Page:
Sunday, May 19, 2013
On May 19, 1898, the U.S. Congress passed the Private Mailing Card Act, which allowed private publishers and printers to print and market postcards. Previous to that date the U.S. Post Office held a monopoly on printing postcards. For several years, the government also restricted private companies to the use of the term “souvenir cards,” which had to be labeled "Private Mailing Cards." The term “post card” was allowed for private publishers in 1901. Before 1907, postcards could not have a “divided back”: i.e., only an address could appear on the back, a message appearing only on the front. The 20th century’s first decade is considered the “Golden Age” of picture postcards. The public loved them. In the fiscal year ending June 30, 1908, nearly 680 million postcards were mailed (when the U.S. population was less than 89 million). Most picture postcards sold in the United States were printed in Germany, where lithography was an art. That ended with World War I, and so did the postcard craze.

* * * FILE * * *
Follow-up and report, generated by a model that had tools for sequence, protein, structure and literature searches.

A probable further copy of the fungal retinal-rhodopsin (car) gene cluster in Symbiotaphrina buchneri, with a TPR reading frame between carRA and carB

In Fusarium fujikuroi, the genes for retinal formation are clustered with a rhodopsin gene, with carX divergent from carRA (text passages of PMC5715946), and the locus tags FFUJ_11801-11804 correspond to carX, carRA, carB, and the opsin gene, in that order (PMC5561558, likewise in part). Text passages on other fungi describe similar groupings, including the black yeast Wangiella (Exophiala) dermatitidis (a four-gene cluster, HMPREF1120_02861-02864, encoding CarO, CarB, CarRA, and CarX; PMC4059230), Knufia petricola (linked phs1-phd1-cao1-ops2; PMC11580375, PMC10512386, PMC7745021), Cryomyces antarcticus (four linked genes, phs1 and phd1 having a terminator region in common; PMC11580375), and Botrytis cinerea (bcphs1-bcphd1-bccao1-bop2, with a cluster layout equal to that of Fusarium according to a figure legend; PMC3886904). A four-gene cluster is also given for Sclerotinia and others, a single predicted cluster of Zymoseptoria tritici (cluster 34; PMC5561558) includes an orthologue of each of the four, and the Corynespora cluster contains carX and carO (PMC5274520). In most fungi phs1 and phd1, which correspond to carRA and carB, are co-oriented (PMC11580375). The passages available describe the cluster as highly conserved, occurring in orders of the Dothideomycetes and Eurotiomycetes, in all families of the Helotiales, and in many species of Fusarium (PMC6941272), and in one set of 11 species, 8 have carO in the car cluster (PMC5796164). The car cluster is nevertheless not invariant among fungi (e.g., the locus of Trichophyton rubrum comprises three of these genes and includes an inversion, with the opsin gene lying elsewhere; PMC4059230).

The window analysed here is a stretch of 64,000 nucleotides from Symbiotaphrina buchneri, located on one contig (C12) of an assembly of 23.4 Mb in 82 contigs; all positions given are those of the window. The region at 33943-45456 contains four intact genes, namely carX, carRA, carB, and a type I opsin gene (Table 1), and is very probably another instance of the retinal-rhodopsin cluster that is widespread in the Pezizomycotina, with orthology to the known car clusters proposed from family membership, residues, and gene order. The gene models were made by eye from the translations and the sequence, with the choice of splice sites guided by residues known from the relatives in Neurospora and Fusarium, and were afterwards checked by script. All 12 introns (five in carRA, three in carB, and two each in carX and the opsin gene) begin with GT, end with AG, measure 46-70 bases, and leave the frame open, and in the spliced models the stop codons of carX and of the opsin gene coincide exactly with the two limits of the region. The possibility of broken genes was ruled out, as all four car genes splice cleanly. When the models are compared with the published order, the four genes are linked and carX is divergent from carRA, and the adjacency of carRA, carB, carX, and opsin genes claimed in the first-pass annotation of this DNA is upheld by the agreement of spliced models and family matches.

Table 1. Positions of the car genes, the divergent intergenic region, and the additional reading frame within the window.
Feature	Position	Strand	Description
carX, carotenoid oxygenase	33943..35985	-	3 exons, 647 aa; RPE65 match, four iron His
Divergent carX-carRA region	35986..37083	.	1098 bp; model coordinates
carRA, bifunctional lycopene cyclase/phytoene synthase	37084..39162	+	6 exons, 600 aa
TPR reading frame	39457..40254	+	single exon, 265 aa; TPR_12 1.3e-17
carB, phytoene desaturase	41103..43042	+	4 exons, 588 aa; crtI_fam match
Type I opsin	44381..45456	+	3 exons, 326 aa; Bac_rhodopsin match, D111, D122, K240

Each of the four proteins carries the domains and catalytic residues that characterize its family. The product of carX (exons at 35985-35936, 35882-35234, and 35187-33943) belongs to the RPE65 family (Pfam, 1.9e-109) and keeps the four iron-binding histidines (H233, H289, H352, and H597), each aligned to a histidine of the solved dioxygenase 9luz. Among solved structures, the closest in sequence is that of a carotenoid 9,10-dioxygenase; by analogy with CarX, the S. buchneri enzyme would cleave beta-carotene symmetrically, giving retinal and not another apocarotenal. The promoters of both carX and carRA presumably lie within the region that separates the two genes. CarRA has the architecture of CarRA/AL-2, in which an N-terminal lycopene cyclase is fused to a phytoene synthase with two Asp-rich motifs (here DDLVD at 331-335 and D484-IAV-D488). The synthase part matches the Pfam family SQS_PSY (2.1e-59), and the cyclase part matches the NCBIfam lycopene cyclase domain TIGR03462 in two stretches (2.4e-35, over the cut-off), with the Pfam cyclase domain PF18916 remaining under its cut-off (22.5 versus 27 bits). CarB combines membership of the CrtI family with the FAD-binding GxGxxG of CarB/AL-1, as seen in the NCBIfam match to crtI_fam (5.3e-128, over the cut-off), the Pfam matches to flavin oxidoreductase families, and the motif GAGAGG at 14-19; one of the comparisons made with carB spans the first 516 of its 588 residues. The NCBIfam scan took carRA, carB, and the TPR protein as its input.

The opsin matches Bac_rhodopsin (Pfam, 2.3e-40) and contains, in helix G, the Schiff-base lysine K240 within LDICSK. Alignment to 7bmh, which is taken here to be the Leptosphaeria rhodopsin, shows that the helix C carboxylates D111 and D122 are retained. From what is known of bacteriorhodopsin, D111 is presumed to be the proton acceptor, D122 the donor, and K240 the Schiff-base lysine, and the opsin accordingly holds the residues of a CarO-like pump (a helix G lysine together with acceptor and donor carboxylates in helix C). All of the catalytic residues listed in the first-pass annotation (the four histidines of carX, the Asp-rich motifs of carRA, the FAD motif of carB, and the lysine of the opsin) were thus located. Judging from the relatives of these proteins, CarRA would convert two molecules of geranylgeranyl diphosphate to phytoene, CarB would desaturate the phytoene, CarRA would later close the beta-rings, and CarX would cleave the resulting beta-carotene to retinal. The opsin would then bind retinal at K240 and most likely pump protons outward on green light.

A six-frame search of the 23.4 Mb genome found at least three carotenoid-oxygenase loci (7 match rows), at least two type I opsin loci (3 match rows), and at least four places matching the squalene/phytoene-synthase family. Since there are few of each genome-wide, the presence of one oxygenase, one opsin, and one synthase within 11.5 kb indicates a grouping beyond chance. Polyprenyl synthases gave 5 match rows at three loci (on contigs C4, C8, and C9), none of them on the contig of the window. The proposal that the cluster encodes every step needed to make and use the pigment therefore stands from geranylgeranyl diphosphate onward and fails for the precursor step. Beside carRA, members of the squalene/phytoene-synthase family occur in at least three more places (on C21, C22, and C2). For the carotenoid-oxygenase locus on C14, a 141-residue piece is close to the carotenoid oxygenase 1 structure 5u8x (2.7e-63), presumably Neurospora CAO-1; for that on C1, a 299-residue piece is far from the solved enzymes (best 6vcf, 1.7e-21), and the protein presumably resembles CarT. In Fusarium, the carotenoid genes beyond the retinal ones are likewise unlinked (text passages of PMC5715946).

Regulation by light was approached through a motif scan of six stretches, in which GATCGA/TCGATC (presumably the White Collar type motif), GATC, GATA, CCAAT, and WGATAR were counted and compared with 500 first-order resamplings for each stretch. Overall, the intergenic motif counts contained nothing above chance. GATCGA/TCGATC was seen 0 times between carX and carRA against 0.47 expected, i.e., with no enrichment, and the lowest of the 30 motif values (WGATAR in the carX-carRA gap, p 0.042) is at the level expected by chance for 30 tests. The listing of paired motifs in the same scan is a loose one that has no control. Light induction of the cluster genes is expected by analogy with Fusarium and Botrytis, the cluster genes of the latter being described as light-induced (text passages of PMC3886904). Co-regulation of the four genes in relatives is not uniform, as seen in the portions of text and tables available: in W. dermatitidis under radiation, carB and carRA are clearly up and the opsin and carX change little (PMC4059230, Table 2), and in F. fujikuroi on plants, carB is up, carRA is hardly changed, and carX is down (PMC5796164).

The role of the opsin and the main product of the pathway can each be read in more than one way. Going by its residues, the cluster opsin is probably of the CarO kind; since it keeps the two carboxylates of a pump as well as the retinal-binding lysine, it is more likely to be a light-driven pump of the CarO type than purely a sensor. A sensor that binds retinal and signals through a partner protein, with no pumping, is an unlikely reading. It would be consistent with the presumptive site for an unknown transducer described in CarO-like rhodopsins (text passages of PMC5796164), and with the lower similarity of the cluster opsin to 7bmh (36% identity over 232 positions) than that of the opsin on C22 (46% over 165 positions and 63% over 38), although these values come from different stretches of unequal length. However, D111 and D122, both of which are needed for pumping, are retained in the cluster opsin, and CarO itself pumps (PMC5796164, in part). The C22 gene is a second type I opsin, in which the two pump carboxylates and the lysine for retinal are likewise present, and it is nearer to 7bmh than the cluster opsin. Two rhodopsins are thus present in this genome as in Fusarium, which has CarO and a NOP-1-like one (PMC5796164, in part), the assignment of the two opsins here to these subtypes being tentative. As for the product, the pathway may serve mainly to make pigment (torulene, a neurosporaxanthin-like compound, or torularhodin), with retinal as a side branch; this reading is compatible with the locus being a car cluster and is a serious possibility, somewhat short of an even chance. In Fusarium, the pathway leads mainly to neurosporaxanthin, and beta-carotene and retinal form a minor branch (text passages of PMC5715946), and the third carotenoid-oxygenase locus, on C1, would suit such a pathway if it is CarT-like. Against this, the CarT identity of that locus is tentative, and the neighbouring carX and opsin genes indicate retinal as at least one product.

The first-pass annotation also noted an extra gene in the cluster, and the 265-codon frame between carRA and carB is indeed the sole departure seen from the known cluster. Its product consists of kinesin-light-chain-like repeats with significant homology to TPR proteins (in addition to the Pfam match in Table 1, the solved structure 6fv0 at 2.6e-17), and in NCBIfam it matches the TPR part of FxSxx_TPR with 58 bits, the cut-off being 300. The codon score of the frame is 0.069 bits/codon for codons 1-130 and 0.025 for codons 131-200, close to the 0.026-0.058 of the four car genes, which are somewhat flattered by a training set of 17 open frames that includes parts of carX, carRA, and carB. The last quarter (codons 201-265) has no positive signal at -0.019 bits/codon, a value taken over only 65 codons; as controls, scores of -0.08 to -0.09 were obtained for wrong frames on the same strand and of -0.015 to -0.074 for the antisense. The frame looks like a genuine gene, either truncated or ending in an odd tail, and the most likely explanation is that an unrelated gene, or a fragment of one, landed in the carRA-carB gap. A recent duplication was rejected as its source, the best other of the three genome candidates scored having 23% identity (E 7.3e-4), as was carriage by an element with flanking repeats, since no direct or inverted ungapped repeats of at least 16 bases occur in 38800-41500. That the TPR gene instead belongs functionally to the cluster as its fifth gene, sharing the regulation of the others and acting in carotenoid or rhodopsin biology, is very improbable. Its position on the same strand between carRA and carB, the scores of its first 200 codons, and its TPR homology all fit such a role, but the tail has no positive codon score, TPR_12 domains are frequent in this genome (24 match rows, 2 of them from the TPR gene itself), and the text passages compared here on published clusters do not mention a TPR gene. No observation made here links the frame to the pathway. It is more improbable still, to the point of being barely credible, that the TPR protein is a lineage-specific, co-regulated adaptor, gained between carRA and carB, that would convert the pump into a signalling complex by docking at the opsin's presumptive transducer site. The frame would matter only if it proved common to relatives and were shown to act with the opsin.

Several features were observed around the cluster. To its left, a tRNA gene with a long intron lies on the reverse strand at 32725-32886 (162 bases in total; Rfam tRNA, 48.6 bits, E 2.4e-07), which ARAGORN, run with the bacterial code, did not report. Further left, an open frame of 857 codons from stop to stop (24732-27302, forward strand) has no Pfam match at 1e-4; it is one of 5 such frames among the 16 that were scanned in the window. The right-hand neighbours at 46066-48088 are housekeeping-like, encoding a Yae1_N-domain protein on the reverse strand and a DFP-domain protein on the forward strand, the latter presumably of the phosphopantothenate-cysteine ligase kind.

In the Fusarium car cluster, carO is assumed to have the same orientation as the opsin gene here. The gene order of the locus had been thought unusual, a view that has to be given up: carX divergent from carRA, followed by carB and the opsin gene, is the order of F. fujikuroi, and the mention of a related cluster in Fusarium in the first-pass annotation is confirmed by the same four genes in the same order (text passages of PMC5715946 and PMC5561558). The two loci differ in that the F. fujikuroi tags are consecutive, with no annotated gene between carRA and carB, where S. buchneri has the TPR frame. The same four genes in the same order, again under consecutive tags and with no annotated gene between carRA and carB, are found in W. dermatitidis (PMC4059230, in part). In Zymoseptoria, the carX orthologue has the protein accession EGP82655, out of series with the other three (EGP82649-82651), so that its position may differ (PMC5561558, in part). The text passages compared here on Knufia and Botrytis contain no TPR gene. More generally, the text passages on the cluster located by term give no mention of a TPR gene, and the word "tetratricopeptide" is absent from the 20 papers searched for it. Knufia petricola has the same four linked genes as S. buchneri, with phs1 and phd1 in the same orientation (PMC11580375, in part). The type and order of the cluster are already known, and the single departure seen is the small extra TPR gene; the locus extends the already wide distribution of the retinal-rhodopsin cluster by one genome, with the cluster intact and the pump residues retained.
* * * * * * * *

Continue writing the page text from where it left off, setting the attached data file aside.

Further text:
Saturday, May 18, 2013
At 8:32 AM Pacific Time on Sunday, May 18, 1980, an earthquake caused the entire north face of Mount St. Helens in Washington state to slide away, instantly exposing volcanic molten magma and gas-enriched rock that had created a huge bulge on the mountain’s side. The resulting landslide was one of the largest in recorded history, completely displacing all of the water in Spirit Lake north of the mountain, washing thousands of trees away from the surrounding hills. The nearly simultaneous volcanic explosion sent out a pyroclastic flow of hot gases, ash and pumice, at near-supersonic speed, into a fan-shaped area 23 miles wide and 19 miles long, destroying 230 square miles of forest. Miles beyond, it killed even more trees with extreme heat. The blast melted nearly all the mountain’s glaciers, resulting in immense lahars (volcanic mudflows). A vast ash column rose 12 miles above the mountain’s expanding crater during the nine-hour eruption. Most of the 57 people known to have died in the event succumbed to asphyxiation; several died from burns.
Friday, May 17, 2013